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Three Practices to Guarantee Writing Success

December 5, 2017


Note From Rochelle


Dear Readers,


Have you started planning for the New Year? If you’re hoping to start a blog or write a book, I can help. I can support you in planning your project, creating a writing schedule, and overcoming obstacles. From now until the end of December, I’m offering my six-session Writer Mentoring Package for just $549. (The package usually runs $687.) If you’re interested, set up a complimentary consultation.


Today’s tip will help you get a jumpstart on next year’s goals.






Three Practices to Guarantee Writing Success

by Rochelle Melander


Last week I gave you tools to begin dreaming about what you want to accomplish in the New Year. But here’s the thing, writers: you don’t have to wait until January to work on your New Year’s goals. Start now. If you want to write, then write. If you hope to build a critique group, send requests out today. If you want to build a speaking career, set up talks. Every day is an opportunity to start fresh and accomplish your goals.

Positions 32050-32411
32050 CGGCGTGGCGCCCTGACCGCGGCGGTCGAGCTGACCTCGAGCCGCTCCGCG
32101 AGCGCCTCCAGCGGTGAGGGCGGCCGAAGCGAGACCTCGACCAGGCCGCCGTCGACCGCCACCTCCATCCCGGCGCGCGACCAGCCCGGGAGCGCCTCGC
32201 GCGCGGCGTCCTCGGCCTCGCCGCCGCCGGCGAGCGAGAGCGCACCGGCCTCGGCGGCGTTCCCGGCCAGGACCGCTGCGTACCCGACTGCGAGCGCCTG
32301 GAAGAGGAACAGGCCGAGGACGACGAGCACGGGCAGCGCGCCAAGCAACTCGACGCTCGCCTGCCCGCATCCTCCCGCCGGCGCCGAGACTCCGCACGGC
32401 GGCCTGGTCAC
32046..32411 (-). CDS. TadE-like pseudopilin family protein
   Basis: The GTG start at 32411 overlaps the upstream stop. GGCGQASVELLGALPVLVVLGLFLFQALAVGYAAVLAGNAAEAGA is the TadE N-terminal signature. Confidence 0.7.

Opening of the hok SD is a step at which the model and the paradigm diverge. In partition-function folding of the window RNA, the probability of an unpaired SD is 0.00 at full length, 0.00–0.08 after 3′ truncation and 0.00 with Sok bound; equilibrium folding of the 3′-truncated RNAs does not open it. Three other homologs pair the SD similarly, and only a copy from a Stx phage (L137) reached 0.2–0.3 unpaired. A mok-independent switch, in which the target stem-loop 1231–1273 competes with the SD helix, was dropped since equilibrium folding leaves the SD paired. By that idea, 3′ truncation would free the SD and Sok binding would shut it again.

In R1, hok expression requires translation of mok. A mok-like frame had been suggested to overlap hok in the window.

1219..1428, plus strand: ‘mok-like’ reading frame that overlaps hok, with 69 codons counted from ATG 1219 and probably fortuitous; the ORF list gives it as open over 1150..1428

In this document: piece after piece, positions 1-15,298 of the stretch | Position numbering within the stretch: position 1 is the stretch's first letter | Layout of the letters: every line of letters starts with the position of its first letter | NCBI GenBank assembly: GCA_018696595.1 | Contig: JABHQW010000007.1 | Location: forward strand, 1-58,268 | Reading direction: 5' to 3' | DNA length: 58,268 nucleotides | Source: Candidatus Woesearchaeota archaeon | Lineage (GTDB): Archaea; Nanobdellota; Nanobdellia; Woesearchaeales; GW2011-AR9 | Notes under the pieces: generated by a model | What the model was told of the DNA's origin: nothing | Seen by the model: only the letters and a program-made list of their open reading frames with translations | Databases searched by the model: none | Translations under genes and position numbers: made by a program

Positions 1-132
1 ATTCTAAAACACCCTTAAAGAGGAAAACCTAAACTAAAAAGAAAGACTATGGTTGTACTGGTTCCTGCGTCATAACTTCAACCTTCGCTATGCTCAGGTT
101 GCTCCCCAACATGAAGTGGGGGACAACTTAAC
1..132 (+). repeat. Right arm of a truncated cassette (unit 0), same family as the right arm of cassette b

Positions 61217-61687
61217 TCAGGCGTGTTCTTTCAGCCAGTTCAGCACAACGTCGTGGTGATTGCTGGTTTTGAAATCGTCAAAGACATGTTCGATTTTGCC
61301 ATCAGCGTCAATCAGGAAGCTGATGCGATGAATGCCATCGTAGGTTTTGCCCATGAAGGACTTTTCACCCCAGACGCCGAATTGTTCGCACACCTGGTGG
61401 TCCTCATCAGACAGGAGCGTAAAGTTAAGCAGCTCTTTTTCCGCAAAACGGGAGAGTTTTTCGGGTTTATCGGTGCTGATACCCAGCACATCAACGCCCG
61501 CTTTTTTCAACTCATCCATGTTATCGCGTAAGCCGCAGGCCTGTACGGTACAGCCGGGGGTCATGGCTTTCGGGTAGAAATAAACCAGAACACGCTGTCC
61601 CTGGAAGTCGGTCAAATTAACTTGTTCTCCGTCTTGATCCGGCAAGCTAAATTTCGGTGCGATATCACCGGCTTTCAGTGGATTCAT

If your goal is to write more, then the following three tools will help you do just that.


  1. Set a specific writing goal. Choose what you want to accomplish in the next week or month and write it down. Be as specific as possible. Instead of adding, “write articles” to your to do list, make a list of the specific stories you want to write and the steps it will take to complete the articles. With this information, you will approach each writing session with a sense of what you need to accomplish. You will not have to decide what to do with your time.


  1. Schedule your writing. Instead of writing when you have time or feel like it, make a decision to schedule time to write. At the beginning of each week or month, schedule your writing sessions. Once you have these in the schedule, treat the sessions with the same respect you give your regular teeth cleaning or therapy appointment. Show up no matter what. Soon, your writing sessions will be as habitual as eating lunch.


  1. Plan ahead. At the end of my daily writing session, I plan what I will work on during the next session. I leave myself a note about it so that when I start my writing session the next day, I have a few ideas about what I am going to write. I never have to face the blank page.



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